xml:space="preserve">
Washington Capitals left wing Alex Ovechkin looks up ice during the third period Wednesday, Jan. 23, 2019, in Toronto. Ovechkin tied all time Russian leading scorer Russian, Sergei Fedorov with 1,179 points.
Washington Capitals left wing Alex Ovechkin looks up ice during the third period Wednesday, Jan. 23, 2019, in Toronto. Ovechkin tied all time Russian leading scorer Russian, Sergei Fedorov with 1,179 points. (Nathan Denette / AP)

The sprinkling of hats prolonged the Washington Capitals' pain, and it's a sight the team has had to endure often in the past week. Forward Brett Connolly scooped up one cap and dumped it into the space between the benches in an effort to speed up the cleanup effort.

Toronto Maple Leafs center Nazem Kadri had just scored his third goal of the game, the tally that ensured the Capitals would return to their locker room losers once again. In an indictment of the team's loose play of late, that's the fourth hat trick Washington has allowed in the past five games. This one sealed a 6-3 defeat to the Maple Leafs that extended the Capitals' losing streak to seven games — and Washington's free fall will now be paused by a week-long break.

Advertisement

"It's done," captain Alex Ovechkin said. "That's it. We have a break, so let's move on."

Through Wednesday's results, the Capitals still sit in second place in the Metropolitan Division, three points back of the first-place New York Islanders. But while it may be too soon for Washington to panic about its postseason position, a team that returned the vast majority of its championship roster hoping to defend its title looks lost.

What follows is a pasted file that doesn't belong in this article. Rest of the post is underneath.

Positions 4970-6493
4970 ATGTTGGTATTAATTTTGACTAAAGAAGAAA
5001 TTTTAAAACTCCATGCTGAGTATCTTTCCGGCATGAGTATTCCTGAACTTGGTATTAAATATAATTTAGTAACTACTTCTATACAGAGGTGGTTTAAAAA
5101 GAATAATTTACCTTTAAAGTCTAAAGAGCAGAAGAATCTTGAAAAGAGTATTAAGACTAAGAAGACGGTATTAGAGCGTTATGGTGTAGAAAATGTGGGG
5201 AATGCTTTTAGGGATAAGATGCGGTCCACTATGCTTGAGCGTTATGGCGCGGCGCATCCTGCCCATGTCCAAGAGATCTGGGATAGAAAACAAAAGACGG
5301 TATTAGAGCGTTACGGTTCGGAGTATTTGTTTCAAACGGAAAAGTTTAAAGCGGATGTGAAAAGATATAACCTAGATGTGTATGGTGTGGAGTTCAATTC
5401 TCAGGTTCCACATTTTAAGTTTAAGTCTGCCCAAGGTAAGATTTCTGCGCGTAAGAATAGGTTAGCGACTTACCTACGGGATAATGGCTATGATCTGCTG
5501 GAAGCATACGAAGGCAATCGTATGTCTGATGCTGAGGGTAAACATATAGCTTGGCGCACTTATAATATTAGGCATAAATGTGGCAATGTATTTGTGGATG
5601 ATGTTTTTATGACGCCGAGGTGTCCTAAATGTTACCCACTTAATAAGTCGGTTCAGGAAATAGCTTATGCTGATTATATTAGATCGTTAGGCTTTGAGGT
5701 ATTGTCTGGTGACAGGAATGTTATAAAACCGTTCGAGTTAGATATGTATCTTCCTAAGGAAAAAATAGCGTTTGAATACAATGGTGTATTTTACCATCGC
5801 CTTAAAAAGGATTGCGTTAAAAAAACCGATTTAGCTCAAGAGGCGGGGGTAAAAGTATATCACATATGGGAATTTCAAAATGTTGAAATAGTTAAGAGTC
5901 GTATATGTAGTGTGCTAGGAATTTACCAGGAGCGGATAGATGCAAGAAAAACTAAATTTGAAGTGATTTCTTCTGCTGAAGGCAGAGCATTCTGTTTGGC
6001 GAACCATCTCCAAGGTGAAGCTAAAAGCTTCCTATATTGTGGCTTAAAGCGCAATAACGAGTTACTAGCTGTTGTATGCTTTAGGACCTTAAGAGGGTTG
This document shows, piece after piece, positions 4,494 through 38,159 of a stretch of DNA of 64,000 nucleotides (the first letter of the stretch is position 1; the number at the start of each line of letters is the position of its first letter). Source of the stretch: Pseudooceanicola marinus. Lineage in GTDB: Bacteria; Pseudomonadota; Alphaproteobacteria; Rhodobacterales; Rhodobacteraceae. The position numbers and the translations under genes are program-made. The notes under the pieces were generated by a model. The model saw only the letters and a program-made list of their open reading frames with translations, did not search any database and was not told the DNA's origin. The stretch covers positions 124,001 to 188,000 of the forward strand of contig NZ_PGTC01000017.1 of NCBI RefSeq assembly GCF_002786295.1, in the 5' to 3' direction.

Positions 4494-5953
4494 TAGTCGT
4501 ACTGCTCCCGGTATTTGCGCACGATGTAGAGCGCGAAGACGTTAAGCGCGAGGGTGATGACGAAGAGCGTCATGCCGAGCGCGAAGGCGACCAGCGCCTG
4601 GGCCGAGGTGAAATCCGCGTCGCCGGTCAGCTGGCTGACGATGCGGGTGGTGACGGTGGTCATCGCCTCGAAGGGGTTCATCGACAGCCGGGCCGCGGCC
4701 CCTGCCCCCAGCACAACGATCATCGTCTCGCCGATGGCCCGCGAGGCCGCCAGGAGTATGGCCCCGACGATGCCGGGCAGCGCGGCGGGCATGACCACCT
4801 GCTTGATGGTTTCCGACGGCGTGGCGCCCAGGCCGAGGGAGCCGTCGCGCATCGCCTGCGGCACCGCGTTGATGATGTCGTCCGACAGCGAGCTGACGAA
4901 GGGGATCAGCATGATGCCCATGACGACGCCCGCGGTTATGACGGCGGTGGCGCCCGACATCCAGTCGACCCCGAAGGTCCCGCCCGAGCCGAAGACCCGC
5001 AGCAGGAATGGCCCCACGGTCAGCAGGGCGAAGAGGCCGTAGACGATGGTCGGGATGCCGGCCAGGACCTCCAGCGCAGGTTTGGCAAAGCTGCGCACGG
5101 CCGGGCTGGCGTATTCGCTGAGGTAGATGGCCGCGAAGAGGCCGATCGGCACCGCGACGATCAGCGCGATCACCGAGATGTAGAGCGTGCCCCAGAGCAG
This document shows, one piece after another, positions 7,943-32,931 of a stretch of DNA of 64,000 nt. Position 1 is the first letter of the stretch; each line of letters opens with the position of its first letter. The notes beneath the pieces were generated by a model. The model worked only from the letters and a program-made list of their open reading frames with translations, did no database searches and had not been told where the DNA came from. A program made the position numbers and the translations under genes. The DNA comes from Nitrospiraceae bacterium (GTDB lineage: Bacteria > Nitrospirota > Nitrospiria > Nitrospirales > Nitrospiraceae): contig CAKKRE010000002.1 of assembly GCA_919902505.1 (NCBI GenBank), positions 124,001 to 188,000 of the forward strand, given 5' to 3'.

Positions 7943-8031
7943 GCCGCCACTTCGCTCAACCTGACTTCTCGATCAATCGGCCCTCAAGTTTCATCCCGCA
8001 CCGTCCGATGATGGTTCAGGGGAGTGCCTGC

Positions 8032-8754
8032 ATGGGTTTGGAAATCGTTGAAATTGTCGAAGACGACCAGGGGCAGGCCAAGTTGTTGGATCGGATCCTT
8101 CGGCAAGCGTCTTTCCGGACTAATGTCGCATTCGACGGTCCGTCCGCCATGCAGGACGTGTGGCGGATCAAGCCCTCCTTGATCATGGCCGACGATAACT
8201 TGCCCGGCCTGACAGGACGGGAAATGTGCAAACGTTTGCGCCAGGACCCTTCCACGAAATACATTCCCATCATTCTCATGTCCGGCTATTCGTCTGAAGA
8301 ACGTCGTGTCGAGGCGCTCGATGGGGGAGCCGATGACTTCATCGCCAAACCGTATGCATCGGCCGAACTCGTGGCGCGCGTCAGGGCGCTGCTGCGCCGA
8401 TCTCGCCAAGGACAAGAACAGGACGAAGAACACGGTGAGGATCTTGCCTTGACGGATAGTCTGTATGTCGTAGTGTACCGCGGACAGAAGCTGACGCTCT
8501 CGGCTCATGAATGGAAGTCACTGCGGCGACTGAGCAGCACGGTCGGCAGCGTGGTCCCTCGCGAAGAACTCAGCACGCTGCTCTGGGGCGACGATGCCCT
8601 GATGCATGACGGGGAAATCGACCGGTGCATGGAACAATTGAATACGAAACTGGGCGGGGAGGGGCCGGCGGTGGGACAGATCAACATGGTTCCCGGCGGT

After 13-year-old defenseman Divyne Apollon II faced racist taunts, two Washington Capitals players have invited his Metro Maple Leafs, who had his back, to Monday's game against the St. Louis Blues.

"You can't just keep saying it's all going to be okay and keep doing that," goaltender Braden Holtby said. "We've got to put the work in. It's just a little bit of accumulation of maybe not pushing ourselves hard enough all year. When the luck's not going your way, it kind of snowballs."

With the Capitals down by a goal entering a crucial third period, Kadri made it a 4-2 game with a one-timer from the high slot 2:10 into the frame.

And while Washington certainly showed some signs of improvement against the Toronto, particularly in the first period, the Capitals have allowed 30 goals in the past five games, a departure for a team that won a Stanley Cup last year with its suffocating, stingy style of play. Kadri's third goal came eight minutes later, followed by the hats.

Asked before the game if he would consider this a "midseason must-win" game, Capitals Coach Todd Reirden said, "for sure, I want a response from our team."

It wasn't a favorable situation for a club mired in a slump - the second game of a back-to-back set on the road and the last contest before a week-long break for the All-Star Game and bye week. Reirden opted to start Holtby after he'd played in Tuesday's overtime loss to the San Jose Sharks in a decision he said was "a signal to our team that we're doing everything we can to win this hockey game."